Following a balanced diet as part of a healthy lifestyle improves heart and brain function and reduces the risk of many serious conditions, including strokes, type 2 diabetes and Alzheimer’s disease. It may also help to manage neurological symptoms.
The brain represents only 2% of an adult’s weight, but it uses 20% of the energy produced by the body. If energy supply is not enough, people may experience a variety of symptoms, including memory problems, fatigue and concentration problems.
The importance of a balanced diet
The main components of a balanced diet are:
- five portions of fruits and vegetables per day
- carbohydrates from foods such as brown rice, potatoes, cereals and whole wheat pasta
- protein from foods such as oily fish, eggs and meat
It is also advised to limit your salt, sugar and alcohol intake. For more information you may want to look at the ‘Eatwell Guide’, produced by Public Health England.
Choose wholemeal bread over white bread
The body (and the brain) gets energy from a substance called glucose, which is found largely in carbohydrates. Complex carbohydrates, found in starchy foods like wholegrain bread, pasta and rice, are better for us because they release energy slowly and help the brain to function in stable way.
Top tip: For better concentration and mental performance, choose wholegrain foods (like wholemeal bread) instead of refined versions (like white bread). Avoid sweets and sugary foods.
Essential fatty acids
The ‘dry weight’ of the brain is about 60% fat and a fifth of this fat is made from the essential fatty acids omega-3 and omega-6. Essential fatty acids cannot be made by the body so they have to come from the diet. Most of us eat much more omega-6 (found in poultry, eggs, avocado and nuts) than omega-3 (found in oily fish, seeds, especially flax seeds, and nuts, especially walnuts).
Trans fats however, also known as ‘hydrogenated fats’, are particularly bad for the brain, because they stop essential fatty acids from doing their work effectively. They are found in many ready-made foods like cakes and biscuits. Check labels for hydrogenated fat or oil and avoid these foods where possible.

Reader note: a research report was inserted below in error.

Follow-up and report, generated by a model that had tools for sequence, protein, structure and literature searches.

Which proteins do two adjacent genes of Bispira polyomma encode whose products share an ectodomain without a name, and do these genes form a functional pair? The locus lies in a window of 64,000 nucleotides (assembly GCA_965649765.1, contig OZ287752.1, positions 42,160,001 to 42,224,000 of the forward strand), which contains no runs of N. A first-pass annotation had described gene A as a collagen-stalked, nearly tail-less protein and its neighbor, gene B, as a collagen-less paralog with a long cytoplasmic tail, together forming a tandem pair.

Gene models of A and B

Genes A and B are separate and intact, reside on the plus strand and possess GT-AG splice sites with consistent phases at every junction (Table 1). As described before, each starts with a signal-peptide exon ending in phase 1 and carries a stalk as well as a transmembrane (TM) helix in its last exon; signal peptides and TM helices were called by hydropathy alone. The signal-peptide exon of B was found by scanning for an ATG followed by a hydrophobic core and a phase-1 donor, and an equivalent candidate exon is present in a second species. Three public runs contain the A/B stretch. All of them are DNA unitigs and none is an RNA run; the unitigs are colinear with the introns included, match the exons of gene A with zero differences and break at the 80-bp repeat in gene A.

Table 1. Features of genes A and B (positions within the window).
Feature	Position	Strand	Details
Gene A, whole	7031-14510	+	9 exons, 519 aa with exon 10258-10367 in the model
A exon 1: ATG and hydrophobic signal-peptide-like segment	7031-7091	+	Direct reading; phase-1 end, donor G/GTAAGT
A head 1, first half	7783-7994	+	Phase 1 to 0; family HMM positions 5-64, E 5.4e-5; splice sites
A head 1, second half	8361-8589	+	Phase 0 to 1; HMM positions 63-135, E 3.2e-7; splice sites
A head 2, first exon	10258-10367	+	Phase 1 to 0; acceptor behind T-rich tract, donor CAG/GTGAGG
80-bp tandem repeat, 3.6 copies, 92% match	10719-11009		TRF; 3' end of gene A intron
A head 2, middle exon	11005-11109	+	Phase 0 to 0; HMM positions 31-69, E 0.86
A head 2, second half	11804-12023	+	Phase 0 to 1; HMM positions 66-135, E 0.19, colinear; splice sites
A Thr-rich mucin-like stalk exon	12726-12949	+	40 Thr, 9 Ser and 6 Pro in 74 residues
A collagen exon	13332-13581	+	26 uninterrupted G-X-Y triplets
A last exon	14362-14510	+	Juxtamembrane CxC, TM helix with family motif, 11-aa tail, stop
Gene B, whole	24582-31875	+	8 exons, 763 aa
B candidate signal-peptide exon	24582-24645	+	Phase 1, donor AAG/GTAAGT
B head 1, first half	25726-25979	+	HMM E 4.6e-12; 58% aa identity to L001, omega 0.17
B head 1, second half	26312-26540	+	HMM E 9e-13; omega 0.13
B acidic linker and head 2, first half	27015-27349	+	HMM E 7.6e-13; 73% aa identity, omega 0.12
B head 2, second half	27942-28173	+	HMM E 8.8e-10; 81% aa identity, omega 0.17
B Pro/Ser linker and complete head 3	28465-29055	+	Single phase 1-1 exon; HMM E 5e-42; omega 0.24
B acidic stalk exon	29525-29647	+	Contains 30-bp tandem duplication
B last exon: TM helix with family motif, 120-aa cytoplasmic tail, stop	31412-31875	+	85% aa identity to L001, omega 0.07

Top tip: Eat more oily fish like salmon, herring and mackerel. As a rich source of omega-3, oily fish is very good for the brain. Avoid processed foods.
Oily fish is a rich source of omega-3
Neurotransmitters in the brain, which regulate our moods, are made from amino acids. Some of these amino acids come from what we eat and drink. For example the neurotransmitter serotonin, which helps us feel content and is important for sleep, is made from the amino acid tryptophan, found in milk, oats and other foods.
Top tip: The food you eat really can affect your mood. For a good night’s sleep, choose food and drink rich in tryptophan, such as a milky drink before bed.
Vitamins and minerals
Vitamins and minerals are important for the functioning of your whole body. The brain uses vitamins and minerals to help perform vital tasks. A vitamin or mineral deficiency (shortage) can affect your mood, as well as other brain functions.
Vitamins such as folate and B12 (types of ‘B complex’ vitamin) support the healthy function of the nervous system (the brain, the spinal cord and the nerves). A deficiency in either of these vitamins can cause a wide range of problems, including:
- memory problems
- muscle weakness
- pins and needles
- psychological problems
- mouth ulcers
Some of these problems can occur if you have a deficiency in vitamin B12 or folate and/ or if you have vitamin B12 or folate deficiency anaemia. You can find links to more information on vitamin B12 deficiency and pernicious anaemia towards the end of this article.
Top tip: Maintain a balanced diet by eating a variety of foods. Unless your doctor has advised you to take supplements, this should be enough to provide you with all the vitamins and minerals you need.
According to some studies, a dietary pattern that has repeatedly shown positive effects for brain and general health is the Mediterranean diet. The diet is characterised by:
- high consumption of extra virgin olive oil rather than other fats
- high intake of fish
- high intake of fruit, vegetables, cereals and legumes
- moderate intake of alcohol (usually red wine)
- low intake of meat (in particular, red meat)